Shopping at most merchants online has a familiar feel: A webpage with a photo grid of 25 or so items, each with a description or fun product name. Maybe the items expand when your mouse hovers over them; maybe a chatbot says hello. But other than some branded elements, the experience doesn’t differ all that much from one eCommerce site to another.
“This interface was really created to sell books 25 years ago,” Neha Singh, CEO at experiential shopping software platform Obsess, told PYMNTS. “And then somehow it got used for every brand and every category and hasn’t really evolved much.”
As the adoption of eCommerce accelerates, though, and both retailers and consumers seek out a seamless experience between online and in-store, the grid of thumbnails may no longer cut it, especially with younger consumers accustomed to interactive and visual experiences with social media and video games.
“Over the last year as brands realized the importance of eCommerce and how much it accelerated, they realized that they have to create more of an engaging experience for consumers,” Singh said. “It can’t just be purely transaction-based, as it is today.”
The solution, at least from Singh’s perspective, is an augmented reality (AR) or virtual reality (VR) experience that allows shoppers to feel like they’re browsing in a store. Already used by Levi’s, Tommy Hilfiger, Ralph Lauren and other brands, Obsess creates a virtual store, either replicating a real-world location or creating something totally new, where consumers can browse and shop as they would without the internet.
“A lot more people can experience this, even if they can’t be there in person,” Singh said. “It just basically increases the audience for your retail stores.” Brands can also incorporate interactive content, such as quizzes, videos and appointment booking, to keep customers engaged.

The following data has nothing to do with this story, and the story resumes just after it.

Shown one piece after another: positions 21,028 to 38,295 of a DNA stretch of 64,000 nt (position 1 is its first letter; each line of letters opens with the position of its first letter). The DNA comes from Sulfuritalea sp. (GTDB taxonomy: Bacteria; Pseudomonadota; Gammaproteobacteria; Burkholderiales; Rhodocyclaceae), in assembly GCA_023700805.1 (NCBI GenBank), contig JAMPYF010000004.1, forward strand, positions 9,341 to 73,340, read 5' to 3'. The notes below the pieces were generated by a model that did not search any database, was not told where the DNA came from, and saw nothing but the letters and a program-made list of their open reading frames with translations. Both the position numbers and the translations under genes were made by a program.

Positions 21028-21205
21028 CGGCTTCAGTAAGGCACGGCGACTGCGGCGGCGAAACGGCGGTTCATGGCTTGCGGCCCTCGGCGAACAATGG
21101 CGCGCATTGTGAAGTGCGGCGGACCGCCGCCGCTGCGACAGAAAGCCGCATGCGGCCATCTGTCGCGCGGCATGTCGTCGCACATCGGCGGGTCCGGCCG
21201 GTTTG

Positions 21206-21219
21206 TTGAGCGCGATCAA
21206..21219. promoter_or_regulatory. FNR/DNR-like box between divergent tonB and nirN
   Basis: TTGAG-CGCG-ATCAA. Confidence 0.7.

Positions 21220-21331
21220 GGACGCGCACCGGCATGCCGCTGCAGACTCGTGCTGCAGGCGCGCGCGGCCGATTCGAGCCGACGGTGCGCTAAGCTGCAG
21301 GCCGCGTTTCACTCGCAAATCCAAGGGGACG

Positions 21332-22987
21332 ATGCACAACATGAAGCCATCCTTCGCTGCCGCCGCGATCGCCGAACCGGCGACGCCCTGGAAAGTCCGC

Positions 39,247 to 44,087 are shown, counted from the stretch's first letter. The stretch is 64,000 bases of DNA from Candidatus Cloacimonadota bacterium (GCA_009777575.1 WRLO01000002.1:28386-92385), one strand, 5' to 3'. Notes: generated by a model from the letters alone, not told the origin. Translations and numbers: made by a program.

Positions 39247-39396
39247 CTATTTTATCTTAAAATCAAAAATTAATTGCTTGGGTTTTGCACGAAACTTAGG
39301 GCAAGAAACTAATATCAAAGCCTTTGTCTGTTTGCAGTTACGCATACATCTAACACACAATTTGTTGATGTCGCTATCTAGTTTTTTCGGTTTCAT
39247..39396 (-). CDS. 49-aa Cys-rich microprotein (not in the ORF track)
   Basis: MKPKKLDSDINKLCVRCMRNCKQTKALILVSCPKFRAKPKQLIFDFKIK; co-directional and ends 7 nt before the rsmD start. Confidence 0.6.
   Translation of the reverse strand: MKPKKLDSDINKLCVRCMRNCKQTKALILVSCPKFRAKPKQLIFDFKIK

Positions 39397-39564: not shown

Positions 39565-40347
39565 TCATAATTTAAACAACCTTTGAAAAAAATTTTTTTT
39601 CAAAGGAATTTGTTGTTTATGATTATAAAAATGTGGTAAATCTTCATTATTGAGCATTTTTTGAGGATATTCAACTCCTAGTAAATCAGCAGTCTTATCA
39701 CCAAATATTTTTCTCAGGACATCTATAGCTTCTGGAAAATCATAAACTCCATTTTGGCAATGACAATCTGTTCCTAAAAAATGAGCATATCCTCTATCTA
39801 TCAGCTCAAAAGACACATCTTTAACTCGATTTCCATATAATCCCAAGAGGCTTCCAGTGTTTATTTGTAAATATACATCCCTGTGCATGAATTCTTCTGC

Initially Singh said she was targeting luxury retailers and other merchants where the experience is a more key piece to the brand, but over the past 18 months, Obsess has seen a 400 percent increase in inquiries about its technology. The company now works with Sam’s Club, Party City and other retailers who want to create a more engaging experience.
“Today’s eComm platforms just don’t give you that flexibility,” Singh said. “They give you the template with the grid, so it’s really something that needs innovation from the technology side.”
This, of course, is not the only way brands are utilizing AR to reach potential customers. Beauty technology company Perfect Corp. has teamed with Google, Facebook and other platforms to allow consumers to virtually try on makeup, and earlier this year, the company expanded into fashion for things such as eyewear and earrings.
Photo-sharing app Snapchat also earlier this year beefed up its interactive features, especially those related to AR, in order to strengthen its place in the social commerce ecosystem. Users can now use the app’s Scan feature to take a picture of an outfit and get shopping recommendations through Snap subsidiary Screenshop, and brands such as Estee Lauder, FARFETCH and Prada are using Snapchat’s AR tools to let users virtually try on clothes and makeup.
And though it’s unclear what form it might take, Apple and T-Mobile are teaming up on an AR innovation program through the mobile carrier’s tech incubator, hubraum. The program spent the last several weeks recruiting iOS developers who have worked on AR applications that could be boosted using 5G and Low Latency Edge Computing, and it will kick off next month. The innovation program is focusing including retail, communication, gaming and sports, among others.
Room To Grow
The majority of consumers, 55 percent, are interested in trying new connected shopping experiences in the future, PYMNTS research has found, whether it be AR shopping to reduce uncertainty, using smart mirrors in stores to make purchasing more efficient, or shopping via voice assistant. That includes 72 percent of bridge millennials — the first generation of consumers to have grown up with connected devices on hand — and 70 percent of superconnected consumers.
And there’s plenty of room to for retailers grow their use of AR. According to eMarketer, the U.S. will have over 93 million monthly AR users this year, or about 28 percent of the population, but only 10 percent have used the technology to shop. Still, 36 percent of women and 31 percent of men say they would be somewhat interested in trying it.
Singh said her goal isn’t to replace retail stores — when the pandemic is over, she’s sure they’ll rebound — but to make the online experience as engaging as going into a retail store.
“Ultimately, the new generation of consumers … is so used to these interactive experiences, and if brands don’t keep up, then they’re going to become more irrelevant.”